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Parenthood Support Group

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Lucas Howard
Lucas Howard

She Male Pleasure [NEW]

This is what Andrew Sullivan basically proposed in his latest, startlingly unscientific column. #MeToo has gone too far, he argues, by refusing to confront the biological realities of maleness. Feminism, he says, has refused to give men their due and denied the role "nature" must play in these discussions. Ladies, he writes, if you keep denying biology, you'll watch men get defensive, react, and "fight back."

she male pleasure

This is beyond vapid. Not only is Sullivan bafflingly confused about nature and its realities, as Colin Dickey notes in this instructive Twitter thread, he's being appallingly conventional. Sullivan claims he came to "understand the sheer and immense natural difference between being a man and being a woman" thanks to a testosterone injection he received. That is to say, he imagines maleness can be isolated to an injectable hormone and doesn't bother to imagine femaleness at all. If you want an encapsulation of the habits of mind that made #MeToo necessary, there it is. Sullivan, that would-be contrarian, is utterly representative.

So let's actually talk bodies. Let's take bodies and the facts of sex seriously for a change. And let's allow some women back into the equation, shall we? Because if you're going to wax poetic about male pleasure, you had better be ready to talk about its secret, unpleasant, ubiquitous cousin: female pain.

That's right: PubMed has almost five times as many clinical trials on male sexual pleasure as it has on female sexual pain. And why? Because we live in a culture that sees female pain as normal and male pleasure as a right.

Take how our health system compensates doctors for male vs. female-only surgeries: As of 2015, male-specific surgeries were still reimbursed at rates 27.67 percent higher for male-specific procedures than female-specific ones. (Result: Guess who gets the fanciest doctors?) Or consider how routinely many women are condescended to and dismissed by their own physicians.

The old implied social bargain between women and men (which Andrew Sullivan calls "natural") is that one side will endure a great deal of discomfort and pain for the other's pleasure and delight. And we've all agreed to act like that's normal, and just how the world works. This is why it was radical that Frances McDormand wore no makeup at the Golden Globes. This is why it was transformative when Jane Fonda posted a picture of herself looking exhausted next to one of her looking glammed up. This isn't just an exhausting way to live; it's also a mindset that's pretty hard to shake.

Women are supposed to perform comfort and pleasure they do not feel under conditions that make genuine comfort almost impossible. Next time you see a woman breezily laughing in a complicated and revealing gown that requires her not to eat or drink for hours, know a) that you are witnessing the work of a consummate illusionist acting her heart out and b) that you have been trained to see that extraordinary, Oscar-worthy performance as merely routine.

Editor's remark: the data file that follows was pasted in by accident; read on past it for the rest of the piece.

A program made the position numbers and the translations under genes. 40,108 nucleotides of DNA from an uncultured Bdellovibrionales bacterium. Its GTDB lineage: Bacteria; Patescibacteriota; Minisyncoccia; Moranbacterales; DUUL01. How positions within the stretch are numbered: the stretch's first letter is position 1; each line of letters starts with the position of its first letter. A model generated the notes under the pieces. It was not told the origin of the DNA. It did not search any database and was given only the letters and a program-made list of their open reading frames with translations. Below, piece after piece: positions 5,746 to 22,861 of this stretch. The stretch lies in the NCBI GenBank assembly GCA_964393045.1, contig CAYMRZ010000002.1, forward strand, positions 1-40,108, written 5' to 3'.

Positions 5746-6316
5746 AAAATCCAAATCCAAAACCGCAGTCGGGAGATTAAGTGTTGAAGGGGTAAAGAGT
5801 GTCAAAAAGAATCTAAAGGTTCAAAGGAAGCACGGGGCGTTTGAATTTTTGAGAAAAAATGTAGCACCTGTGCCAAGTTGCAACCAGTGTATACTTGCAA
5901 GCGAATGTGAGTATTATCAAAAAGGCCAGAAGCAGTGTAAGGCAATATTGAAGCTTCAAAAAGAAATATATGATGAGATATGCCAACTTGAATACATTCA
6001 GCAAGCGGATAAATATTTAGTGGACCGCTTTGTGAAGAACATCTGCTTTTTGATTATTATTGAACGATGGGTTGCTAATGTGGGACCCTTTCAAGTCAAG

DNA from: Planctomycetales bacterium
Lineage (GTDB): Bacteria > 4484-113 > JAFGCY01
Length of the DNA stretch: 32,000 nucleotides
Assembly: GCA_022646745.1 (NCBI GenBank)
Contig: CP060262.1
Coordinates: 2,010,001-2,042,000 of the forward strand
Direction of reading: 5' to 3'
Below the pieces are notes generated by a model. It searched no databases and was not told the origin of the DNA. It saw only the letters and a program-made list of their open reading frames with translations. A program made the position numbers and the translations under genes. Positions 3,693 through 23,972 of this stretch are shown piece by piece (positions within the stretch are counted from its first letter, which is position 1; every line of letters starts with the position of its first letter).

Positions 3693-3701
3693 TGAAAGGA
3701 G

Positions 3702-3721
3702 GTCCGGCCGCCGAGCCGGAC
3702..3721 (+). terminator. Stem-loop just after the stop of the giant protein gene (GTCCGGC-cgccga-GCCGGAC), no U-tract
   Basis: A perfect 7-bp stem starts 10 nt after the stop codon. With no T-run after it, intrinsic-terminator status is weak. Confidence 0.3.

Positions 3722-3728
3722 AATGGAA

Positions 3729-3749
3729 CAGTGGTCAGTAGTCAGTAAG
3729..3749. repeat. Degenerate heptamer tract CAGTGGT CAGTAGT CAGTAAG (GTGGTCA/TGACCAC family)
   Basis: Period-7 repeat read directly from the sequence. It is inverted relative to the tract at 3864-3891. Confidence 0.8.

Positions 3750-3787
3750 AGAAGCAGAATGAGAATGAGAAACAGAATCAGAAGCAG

Why, men wonder, do women fake orgasms? It seems so counterproductive? This is true! It does. That means it's worth thinking very carefully about why so many people might do something that seems so completely contrary to their self-interest. Women get dressed up and go on dates in part because they have libidos and are hoping to get sexual pleasure. Why, when the moment finally arrives, would they give up and fake it?

There might be other reasons. Maybe, for example, women fake orgasms because they'd hoped for some pleasure themselves. If it looks like that's not happening, they default to their training. And they've been taught a) to tolerate discomfort and b) to somehow find pleasure in the other party's pleasure if the social conditions require it.

But it's not just about sex. One of the compliments girls get most as kids is that they're pretty; they learn, accordingly, that a lot of their social value resides in how much others enjoy looking at them. They're taught to take pleasure in other people's pleasure in their looks. Indeed, this is the main way they're socially rewarded.

One side effect of teaching one gender to outsource its pleasure to a third party (and endure a lot of discomfort in the process) is that they're going to be poor analysts of their own discomfort, which they have been persistently taught to ignore.

I wish we lived in a world that encouraged women to attend to their bodies' pain signals instead of powering through like endurance champs. It would be grand if women (and men) were taught to consider a woman's pain abnormal; better still if we understood a woman's discomfort to be reason enough to cut a man's pleasure short.

Doulas like Longacre, many sex therapists, students and other individuals believe that people with vaginas deserve to understand and empower their own sexuality. To do this, it is necessary to refocus sex education, including prioritizing early conversations about sex, safety and pleasure.